Processing from the Program Module drop-down list (you can discard all changes), click the
Open icon and open porthole file prob26_2a.

The solution should be exactly the same as was computed in the previous static analysis. You
can verify this by following the instructions given above for listing the maximum deck
displacements.

Dynamic analysis: Specifying the control parameters

In order to specify the parameters required for the restart ADINA run, we need to update the
ADINA model. Choose ADINA Structures from the Program Module drop-down list (you
can discard all changes and continue). Choose database file prob26 from the recent file list
near the bottom of the File menu.

To change the title, choose Control→Heading, change the problem to “Problem 26: Dynamic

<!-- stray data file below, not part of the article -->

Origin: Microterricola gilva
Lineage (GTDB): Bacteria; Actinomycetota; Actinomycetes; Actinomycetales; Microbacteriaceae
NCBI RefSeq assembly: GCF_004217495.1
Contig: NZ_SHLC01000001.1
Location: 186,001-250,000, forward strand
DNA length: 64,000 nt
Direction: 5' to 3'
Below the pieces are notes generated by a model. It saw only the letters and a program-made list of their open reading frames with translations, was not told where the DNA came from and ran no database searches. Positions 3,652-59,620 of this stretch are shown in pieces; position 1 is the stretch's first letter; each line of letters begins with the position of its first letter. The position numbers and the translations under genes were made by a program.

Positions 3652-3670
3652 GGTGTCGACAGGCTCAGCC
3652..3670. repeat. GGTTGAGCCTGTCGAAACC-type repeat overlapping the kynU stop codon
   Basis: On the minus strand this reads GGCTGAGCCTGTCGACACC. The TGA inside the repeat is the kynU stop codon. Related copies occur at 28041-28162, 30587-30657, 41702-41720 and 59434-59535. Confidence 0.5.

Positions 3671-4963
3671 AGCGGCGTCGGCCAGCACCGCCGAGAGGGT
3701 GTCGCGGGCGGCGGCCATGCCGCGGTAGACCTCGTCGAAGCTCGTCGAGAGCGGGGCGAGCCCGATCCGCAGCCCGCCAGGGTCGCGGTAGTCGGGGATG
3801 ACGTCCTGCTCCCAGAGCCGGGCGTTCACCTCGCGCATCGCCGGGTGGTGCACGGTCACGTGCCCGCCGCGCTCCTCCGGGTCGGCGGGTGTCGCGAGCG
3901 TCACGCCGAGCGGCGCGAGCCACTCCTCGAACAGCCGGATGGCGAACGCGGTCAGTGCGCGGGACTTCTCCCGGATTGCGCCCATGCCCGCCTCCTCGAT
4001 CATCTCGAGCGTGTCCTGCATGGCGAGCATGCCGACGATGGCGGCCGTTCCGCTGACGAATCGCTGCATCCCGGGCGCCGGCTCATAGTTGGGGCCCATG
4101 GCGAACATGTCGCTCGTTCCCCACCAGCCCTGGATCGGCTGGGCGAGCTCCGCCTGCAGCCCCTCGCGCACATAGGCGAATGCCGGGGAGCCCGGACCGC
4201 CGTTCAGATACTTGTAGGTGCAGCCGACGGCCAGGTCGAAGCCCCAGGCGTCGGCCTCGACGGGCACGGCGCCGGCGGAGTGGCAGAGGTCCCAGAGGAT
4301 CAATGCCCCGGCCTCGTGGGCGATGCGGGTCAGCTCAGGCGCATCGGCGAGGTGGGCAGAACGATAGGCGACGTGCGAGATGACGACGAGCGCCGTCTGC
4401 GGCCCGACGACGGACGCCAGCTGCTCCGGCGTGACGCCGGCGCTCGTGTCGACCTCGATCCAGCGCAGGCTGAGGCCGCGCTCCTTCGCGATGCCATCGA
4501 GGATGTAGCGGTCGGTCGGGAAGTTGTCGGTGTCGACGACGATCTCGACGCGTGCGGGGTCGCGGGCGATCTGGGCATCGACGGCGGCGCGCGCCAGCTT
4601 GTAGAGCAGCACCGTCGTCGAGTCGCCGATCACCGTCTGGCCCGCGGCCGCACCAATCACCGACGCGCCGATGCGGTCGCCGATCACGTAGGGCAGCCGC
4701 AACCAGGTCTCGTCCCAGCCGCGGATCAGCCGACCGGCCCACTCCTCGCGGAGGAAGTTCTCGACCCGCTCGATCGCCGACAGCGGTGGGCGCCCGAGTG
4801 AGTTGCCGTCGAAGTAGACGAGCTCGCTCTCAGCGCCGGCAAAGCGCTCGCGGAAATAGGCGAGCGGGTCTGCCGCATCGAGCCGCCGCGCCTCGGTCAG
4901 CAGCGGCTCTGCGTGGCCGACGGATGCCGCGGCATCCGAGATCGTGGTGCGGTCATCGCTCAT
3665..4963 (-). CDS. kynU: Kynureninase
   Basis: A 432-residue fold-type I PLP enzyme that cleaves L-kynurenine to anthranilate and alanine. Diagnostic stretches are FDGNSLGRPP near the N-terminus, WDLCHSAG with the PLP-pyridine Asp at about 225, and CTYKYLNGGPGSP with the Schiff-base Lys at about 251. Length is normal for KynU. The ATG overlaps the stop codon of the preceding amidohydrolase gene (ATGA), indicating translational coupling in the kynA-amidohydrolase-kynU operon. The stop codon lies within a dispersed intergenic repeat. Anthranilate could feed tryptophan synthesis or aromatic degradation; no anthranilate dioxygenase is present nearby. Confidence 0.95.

analysis of cable-stayed bridge”, then click OK.

To select the analysis type, set the Analysis Type to Dynamics-Implicit. Click the Analysis
Options icon , verify that the Newmark method with Delta = 0.5, Alpha = 0.25 is being
used, then click Close.

To specify a restart analysis, choose Control→Solution Process, set the "Analysis Mode" to
"Restart Run" and click OK.

To enter the time step size and the number of steps, choose Control→Time Step, set the first
row of the table to 10, 0.01, then click OK.

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Problem 26: Analysis of a cable-stayed bridge

We will model the damping in the bridge using Rayleigh damping with constants chosen to
give 5% damping for modes 1 and 15. Choose Control→Analysis Assumptions→
Rayleigh Damping, set the Default Alpha to 0.7225 , the Default Beta to 1.67E-3, then click
OK.

Dynamic analysis: Specifying the ground displacements

In the dynamic analysis, we replace the time functions used for the prescribed displacements
in the static analysis with time functions that describe the base motion. The points of each
time function curve are stored in files prob26_xtf.txt, prob26_ytf.txt and prob26_ztf.txt.
Choose Control→Time Function, select time function 2, click the Clear button, click the
Import… button, enter the filename prob26_xtf.txt and click OK. The time function curve